Topic: The Pangram Problem
 Message: Posted by: MR2Guy (Mar 30, 2006 02:20AM)
[I]This still blows me away...[/I]

Only the fool would take trouble to verify that this sentence was composed of ten a's, three b's, four c's, four d's, forty-six e's, sixteen f's, four g's, thirteen h's, fifteen i's, two k's, nine l's, four m's, twenty-five n's, twenty-four o's. five p's, sixteen r's, forty-one s's, thirty-seven t's, ten u's, eight v's, eight w's, four x's, eleven y's, twenty-seven commas, twenty-three apostrophes, seven hyphens and, last but not least, a single !
 Message: Posted by: Psy-Kosh (Mar 30, 2006 02:27AM)
If you like that sort of thing, start reading stuff by Douglass Hofstadter. Specifically Metamagical Themas. Actually, especially appropriate to mention that here since that book is basically (or at least partially), IIRC, a collection of stuff he wrote he took the place of Martin Gardner for Scientific American. Note that "Metamagical Themas" is a anagram of "Mathematical Games" :)

But yeah, he's got in one section of the book a bunch of stuff like that.
 Message: Posted by: magicjohn2278 (Mar 30, 2006 03:25AM)
That really is VERY clever!

Can you imagine trying to write it?

Whatever you write changes what you wrote before....which changes what you wrote before...
 Message: Posted by: TomasB (Mar 30, 2006 08:51AM)
It would be much simpler to post something that has, let us say, x vowels and y consonants.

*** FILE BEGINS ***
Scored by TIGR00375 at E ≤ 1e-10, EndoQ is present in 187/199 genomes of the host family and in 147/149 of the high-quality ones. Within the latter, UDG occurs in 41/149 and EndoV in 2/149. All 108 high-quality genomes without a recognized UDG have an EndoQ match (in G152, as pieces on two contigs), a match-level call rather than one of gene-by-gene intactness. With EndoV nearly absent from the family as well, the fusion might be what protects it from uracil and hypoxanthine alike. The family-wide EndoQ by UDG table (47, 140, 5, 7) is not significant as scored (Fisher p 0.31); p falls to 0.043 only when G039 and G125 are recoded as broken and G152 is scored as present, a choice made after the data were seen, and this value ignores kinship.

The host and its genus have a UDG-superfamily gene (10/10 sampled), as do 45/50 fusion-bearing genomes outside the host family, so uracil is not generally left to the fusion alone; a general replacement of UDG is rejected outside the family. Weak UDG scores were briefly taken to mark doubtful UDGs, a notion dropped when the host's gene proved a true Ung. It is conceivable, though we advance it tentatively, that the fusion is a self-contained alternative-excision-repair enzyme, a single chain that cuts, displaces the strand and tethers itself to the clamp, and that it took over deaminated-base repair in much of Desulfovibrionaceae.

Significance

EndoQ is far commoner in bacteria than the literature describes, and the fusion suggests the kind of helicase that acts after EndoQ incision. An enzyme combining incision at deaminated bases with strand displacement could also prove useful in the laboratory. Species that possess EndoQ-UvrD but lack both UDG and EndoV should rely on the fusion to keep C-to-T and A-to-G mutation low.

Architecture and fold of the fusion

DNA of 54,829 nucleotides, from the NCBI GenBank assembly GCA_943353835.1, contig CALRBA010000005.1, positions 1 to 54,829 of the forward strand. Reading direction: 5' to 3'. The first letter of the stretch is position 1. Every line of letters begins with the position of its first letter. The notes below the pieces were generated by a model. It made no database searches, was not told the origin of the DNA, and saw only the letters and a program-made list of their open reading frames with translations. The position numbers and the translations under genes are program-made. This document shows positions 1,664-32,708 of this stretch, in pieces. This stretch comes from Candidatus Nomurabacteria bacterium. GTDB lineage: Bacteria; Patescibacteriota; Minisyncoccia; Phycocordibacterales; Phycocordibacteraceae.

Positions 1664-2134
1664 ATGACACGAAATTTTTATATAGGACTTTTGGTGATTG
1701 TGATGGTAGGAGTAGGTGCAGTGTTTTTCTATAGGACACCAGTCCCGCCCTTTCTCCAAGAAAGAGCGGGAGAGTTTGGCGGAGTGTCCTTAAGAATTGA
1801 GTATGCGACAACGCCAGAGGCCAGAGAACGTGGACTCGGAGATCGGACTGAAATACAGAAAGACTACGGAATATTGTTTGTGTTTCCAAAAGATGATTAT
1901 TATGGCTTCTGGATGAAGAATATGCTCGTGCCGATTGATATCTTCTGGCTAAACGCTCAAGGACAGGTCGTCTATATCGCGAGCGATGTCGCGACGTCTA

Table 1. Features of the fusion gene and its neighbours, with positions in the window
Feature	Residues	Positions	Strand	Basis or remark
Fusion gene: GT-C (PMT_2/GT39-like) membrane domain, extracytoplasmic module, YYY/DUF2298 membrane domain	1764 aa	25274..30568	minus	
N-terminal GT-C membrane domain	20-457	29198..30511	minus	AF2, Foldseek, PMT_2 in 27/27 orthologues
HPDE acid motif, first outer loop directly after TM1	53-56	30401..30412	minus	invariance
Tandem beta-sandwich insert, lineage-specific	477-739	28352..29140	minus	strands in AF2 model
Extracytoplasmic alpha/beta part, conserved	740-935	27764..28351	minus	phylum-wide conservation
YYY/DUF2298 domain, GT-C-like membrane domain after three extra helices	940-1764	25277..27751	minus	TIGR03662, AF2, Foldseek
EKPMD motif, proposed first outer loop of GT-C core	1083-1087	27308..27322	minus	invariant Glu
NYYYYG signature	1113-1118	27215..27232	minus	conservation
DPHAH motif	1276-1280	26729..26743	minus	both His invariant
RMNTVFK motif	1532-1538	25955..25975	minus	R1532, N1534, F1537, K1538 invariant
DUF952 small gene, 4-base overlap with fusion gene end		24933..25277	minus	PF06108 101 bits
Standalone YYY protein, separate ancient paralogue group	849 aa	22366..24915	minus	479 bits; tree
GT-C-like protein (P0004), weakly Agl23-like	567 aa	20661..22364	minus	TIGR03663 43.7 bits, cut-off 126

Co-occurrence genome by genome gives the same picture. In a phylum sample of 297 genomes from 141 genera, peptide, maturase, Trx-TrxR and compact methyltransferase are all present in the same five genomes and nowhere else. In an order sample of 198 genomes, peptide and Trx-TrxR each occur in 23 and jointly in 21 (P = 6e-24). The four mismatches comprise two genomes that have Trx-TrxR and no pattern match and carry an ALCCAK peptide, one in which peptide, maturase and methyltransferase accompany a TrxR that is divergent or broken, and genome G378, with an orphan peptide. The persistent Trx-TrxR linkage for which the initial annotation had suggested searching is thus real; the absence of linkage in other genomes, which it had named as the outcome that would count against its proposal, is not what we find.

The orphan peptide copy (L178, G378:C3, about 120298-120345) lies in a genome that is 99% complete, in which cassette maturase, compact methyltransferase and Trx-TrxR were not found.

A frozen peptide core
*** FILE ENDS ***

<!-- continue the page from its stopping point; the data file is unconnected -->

Message: Posted by: TomasB (Mar 30, 2006 08:56AM)
In the above post I have done most of the work to make sure that it actually has a solution. What are the smallest numbers you should spell instead of x and y?

Struggling with composing the "simple" post above, I realized what an incredible task it must have been to form the first post in this thread.

/Tomas
 Message: Posted by: magicjohn2278 (Mar 30, 2006 02:44PM)
.. these things MUST be computer generated! There is no way anyone could do it manually!
 Message: Posted by: magicjohn2278 (Mar 30, 2006 03:12PM)
It would be much simpler to post something that has, let us say, twenty nine vowels and fifty nine consonants.

... may not be the lowest though!
 Message: Posted by: TomasB (Mar 30, 2006 10:58PM)
No, and especially since your sentence had 32 vowels and 56 consonants. I can't believe you made me go through the trouble of counting them. ;)

/Tomas
 Message: Posted by: magicjohn2278 (Mar 31, 2006 02:33AM)
Very funny!!!

Now count 'em again! - in my next post!
 Message: Posted by: magicjohn2278 (Mar 31, 2006 02:34AM)
It would be much simpler to post something that has, let us say, twenty nine vowels and fifty nine consonants.
 Message: Posted by: TomasB (Mar 31, 2006 04:15AM)
Ioueuieoooeiaaeuayeyieoeaiyieooa = 32
twldbmchsmplrtpstsmthngththsltsstwntnnvwlsndfftnncnsnnts = 56

I can't believe you made me do that again. Do you have some other definition of vowel and consonant?

/Tomas
 Message: Posted by: magicjohn2278 (Mar 31, 2006 04:21AM)
Yes! :rotf:

..it's probably a English/ Swedish thing, but where I come from "Y" is a consonant!
 Message: Posted by: TomasB (Mar 31, 2006 04:42AM)